Oh no! A tiny lamb with a broken leg
Another young lamb

When the trimming and vaccinating is done, the shearer uses special electric clippers to quickly shave off all the fleece which falls in a big mound. At this point the “bagging” helper scoops up the fleece, trying to roll it up in a bundle, and stuffs it into the garbage bag with the correct ID for that sheep. The weight of the fleece is determined by hanging the bag on the hook of a scale suspended from the ceiling. The weight is written with sharpie marker on the bag next to the ID. Fleeces can vary in weight from around 2 to 6 pounds before any processing.

Shearing and nail clipping in progress
Documenting that I was there

When one group of sheep have been sheared, they are very happy to be let out of the barn. The next group are not pleased to be herded into the shearing area.

Shearing one sheep takes only a few minutes, so the bags of fleece start to pile up while another group of helpers work on “skirting” the fleeces which takes longer. Skirting is removing the dirty or undesirable parts of the fleece that are not suitable for processing or using in a fiber project. The fleece to be skirted is dumped out of the bag on to a surface that looks like a giant cooling rack hanging from the ceiling. When skirting is complete the fleece gets rolled up, put back in the garbage bag and tossed into another area.

Joanie with a huge fleece on the skirting rack
Helpers skirting a fleece

Shearing starts first thing in the morning. The time goes fast and by about 10:30 am it is time for a break of cookies and coffee while standing around in the barn. People who where bundled up upon arriving have shed layers and some are in shirtsleeves depending on the temperature outside. Trips to the house to warm up or to use the bathroom are allowed. After the mid morning break, work resumes in assembly line fashion until early afternoon when all the sheep have been sheared and fleeces skirted.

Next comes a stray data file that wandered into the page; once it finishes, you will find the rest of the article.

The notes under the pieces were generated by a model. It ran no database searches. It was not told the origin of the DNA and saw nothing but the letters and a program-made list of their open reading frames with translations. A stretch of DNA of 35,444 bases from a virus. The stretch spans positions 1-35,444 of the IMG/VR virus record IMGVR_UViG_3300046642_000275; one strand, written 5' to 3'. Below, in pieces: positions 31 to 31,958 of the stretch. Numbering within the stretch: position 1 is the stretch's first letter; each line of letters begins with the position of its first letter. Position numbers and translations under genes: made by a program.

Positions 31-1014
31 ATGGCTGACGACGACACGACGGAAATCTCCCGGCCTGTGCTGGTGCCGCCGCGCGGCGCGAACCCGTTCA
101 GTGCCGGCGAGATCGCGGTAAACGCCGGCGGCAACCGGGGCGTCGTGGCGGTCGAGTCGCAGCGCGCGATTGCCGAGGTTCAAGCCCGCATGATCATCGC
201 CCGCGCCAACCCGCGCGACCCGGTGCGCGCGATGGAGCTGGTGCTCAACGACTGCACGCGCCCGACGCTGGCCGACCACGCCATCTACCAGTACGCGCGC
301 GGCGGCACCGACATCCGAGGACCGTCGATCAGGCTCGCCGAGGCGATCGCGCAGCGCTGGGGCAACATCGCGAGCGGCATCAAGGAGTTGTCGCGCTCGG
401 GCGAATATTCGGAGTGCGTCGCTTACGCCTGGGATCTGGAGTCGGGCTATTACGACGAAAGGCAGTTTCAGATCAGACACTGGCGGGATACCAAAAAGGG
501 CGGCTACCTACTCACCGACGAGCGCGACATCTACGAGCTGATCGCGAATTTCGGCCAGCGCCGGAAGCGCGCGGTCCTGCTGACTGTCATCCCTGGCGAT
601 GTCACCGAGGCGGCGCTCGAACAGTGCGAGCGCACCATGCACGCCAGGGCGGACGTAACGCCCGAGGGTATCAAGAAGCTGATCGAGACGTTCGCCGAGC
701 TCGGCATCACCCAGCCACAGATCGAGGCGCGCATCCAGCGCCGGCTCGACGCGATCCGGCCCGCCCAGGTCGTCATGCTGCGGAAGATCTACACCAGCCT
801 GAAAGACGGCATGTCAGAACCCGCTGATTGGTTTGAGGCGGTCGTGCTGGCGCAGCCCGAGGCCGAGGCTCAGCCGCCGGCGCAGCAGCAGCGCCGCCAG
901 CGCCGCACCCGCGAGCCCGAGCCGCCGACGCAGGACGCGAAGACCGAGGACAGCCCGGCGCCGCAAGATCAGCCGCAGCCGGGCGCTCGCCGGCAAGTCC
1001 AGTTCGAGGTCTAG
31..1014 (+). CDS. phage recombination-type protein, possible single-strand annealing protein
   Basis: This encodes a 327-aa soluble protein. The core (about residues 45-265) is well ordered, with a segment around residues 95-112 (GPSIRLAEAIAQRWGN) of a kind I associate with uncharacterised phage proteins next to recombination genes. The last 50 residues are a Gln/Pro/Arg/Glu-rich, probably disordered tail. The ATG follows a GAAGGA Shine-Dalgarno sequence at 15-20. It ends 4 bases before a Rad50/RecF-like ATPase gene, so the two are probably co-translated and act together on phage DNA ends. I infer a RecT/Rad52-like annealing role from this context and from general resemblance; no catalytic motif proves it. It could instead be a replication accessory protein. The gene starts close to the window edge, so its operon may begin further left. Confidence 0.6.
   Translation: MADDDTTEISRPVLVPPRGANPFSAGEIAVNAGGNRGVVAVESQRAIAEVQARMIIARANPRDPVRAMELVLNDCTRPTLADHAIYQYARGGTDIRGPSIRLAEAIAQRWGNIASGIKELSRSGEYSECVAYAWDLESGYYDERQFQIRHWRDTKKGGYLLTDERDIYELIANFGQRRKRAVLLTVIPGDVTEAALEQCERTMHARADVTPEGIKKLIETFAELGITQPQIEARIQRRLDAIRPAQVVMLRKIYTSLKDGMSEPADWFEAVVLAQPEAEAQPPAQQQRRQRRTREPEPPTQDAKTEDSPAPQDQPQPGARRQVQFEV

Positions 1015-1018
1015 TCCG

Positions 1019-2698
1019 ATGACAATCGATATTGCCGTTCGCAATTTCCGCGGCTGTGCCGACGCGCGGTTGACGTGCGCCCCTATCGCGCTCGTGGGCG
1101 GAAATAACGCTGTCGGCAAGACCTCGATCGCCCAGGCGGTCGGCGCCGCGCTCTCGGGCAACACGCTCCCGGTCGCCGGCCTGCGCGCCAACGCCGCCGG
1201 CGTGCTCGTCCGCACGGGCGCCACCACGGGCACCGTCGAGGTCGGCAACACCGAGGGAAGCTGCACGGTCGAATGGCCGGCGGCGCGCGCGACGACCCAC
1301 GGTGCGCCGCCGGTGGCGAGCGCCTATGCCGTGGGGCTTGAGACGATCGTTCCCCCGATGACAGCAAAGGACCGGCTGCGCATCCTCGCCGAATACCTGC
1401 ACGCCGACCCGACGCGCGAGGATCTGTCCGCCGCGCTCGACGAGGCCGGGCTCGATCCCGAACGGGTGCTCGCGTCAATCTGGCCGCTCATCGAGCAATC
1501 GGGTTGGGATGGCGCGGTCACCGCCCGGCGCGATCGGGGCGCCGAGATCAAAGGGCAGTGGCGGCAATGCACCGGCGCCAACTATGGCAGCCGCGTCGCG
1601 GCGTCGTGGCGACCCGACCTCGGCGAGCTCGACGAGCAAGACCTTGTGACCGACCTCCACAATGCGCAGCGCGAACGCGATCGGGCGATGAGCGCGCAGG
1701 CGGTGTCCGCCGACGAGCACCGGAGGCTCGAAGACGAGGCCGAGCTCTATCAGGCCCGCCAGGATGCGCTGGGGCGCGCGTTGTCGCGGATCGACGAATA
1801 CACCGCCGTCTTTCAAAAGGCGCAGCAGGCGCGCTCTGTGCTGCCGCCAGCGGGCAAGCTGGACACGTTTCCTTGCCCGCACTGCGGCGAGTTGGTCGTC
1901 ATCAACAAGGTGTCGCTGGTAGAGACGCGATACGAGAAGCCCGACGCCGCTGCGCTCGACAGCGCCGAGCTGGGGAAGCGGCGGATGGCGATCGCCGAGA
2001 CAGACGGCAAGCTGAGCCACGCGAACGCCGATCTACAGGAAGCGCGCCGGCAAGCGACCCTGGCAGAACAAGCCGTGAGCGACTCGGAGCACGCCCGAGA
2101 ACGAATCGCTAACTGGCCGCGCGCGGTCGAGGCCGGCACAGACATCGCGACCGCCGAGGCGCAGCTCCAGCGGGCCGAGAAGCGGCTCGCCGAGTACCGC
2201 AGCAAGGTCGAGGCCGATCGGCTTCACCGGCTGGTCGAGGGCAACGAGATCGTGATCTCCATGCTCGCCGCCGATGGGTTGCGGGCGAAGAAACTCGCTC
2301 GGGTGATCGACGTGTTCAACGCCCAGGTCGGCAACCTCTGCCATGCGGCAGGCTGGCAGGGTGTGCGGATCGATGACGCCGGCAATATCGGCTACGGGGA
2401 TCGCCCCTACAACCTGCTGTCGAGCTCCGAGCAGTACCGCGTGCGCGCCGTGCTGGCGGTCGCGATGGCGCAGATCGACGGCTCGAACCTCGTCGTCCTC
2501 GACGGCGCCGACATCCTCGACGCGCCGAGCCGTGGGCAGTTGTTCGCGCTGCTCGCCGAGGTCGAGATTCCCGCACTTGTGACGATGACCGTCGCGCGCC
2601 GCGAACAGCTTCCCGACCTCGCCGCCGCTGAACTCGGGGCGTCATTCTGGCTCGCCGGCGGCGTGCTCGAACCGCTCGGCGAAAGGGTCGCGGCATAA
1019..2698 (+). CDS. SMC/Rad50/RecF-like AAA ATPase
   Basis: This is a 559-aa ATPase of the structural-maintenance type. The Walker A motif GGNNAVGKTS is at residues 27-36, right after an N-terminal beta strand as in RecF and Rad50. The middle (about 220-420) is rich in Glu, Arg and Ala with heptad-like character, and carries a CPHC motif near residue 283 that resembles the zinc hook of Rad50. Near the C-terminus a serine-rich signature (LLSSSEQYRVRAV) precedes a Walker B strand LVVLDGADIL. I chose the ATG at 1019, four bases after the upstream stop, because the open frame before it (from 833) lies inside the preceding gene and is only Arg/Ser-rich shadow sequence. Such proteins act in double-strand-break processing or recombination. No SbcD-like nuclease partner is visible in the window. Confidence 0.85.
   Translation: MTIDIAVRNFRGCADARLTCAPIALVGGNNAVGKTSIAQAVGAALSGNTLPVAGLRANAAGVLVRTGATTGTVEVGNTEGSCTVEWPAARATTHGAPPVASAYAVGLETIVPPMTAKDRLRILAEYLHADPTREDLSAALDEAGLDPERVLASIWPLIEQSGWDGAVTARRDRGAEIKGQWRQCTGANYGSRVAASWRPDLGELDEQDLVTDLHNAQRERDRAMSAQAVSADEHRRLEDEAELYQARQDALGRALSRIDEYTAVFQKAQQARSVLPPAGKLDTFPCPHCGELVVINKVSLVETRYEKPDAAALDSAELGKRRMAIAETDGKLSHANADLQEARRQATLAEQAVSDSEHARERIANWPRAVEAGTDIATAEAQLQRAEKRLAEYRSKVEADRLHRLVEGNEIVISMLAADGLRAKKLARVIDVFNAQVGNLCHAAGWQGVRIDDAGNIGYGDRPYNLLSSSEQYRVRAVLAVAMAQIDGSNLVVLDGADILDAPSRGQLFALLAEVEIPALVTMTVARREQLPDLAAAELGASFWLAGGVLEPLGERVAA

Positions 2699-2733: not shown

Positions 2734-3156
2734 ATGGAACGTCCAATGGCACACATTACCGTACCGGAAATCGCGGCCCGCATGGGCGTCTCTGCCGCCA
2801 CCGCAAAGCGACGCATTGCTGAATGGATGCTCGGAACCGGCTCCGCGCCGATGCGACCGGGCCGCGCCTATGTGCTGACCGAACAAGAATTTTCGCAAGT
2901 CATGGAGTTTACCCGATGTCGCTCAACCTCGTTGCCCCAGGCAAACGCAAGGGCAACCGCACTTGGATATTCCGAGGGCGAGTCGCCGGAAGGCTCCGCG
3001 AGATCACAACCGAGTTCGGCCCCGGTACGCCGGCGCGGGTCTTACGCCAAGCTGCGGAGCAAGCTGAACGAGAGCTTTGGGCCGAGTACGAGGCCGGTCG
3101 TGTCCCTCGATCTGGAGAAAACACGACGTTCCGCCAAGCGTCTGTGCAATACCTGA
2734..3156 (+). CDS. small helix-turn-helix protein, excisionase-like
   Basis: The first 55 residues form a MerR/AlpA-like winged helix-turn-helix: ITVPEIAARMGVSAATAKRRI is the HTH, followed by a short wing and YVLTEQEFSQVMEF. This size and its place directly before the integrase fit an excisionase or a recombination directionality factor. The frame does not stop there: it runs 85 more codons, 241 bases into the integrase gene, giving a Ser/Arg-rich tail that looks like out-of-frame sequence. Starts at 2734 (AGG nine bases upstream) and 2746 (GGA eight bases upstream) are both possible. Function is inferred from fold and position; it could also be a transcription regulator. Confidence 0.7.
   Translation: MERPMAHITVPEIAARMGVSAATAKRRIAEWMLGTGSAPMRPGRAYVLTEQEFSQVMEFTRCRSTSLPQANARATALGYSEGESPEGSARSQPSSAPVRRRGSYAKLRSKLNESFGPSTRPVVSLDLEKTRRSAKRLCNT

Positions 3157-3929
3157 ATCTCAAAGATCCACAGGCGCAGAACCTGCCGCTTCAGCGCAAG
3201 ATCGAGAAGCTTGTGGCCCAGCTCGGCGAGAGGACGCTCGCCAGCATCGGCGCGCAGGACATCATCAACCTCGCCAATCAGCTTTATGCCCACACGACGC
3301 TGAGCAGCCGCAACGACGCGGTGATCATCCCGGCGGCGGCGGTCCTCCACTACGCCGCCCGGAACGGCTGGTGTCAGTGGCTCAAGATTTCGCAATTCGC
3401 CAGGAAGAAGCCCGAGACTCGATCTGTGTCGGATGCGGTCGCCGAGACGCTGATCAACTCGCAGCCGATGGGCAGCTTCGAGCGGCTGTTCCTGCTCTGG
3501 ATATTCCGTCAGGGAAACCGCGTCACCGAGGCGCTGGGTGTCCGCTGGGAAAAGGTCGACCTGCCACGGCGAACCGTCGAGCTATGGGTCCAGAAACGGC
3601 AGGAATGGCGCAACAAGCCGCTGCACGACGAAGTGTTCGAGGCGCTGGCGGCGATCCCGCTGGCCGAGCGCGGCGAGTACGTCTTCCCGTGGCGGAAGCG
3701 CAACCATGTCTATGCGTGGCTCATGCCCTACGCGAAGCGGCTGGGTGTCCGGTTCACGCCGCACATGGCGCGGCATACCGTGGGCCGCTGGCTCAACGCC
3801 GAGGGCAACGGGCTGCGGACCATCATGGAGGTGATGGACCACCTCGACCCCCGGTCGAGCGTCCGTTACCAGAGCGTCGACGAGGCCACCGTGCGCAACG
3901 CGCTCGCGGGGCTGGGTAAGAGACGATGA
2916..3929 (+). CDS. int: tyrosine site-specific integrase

Other tasks for helpers include sweeping and picking up bits and sections of fleece from the shearing area and from under the skirting rack. All the reject pieces of fleece get saved and used for mulch. Another helper task is using a plastic sled to drag bags of fleece from the “complete” pile to a shed for storage until they are needed.

Bags of fleece on their way to the storage shed
Shed where the fleeces are stored
Many fleeces in the shed are waiting for processing
Dave Ellison in the yard

Lunch and social time follows in the house. Later, Joanie will check over the fleeces and do more skirting. Most of them are sent to a mill for processing into roving or yarn. Like fiber day, it is a fun time interacting with an eclectic and interesting group of people. Helpers are offered some fleece or roving in exchange for their labor. I have more than I can use already stuffed in my stash closet, so I did not take anything this time. Participating in shearing day is a wonderful experience. I think many city people would pay them to be a part of it!

Naked sheep running in the muddy yard

Weaving on the Potholder Loom

After finally completing a pair of socks I worked on for most of our two months in Arizona, it was time to dig into the supplies I had in the RV and decide what to work on next. To mix things up a bit, I decided to experiment with weaving on my potholder loom. The next photo shows some of the cotton loops that came with the potholder loom, next to some 100% cotton yarn I had brought that is like a stretchy tube.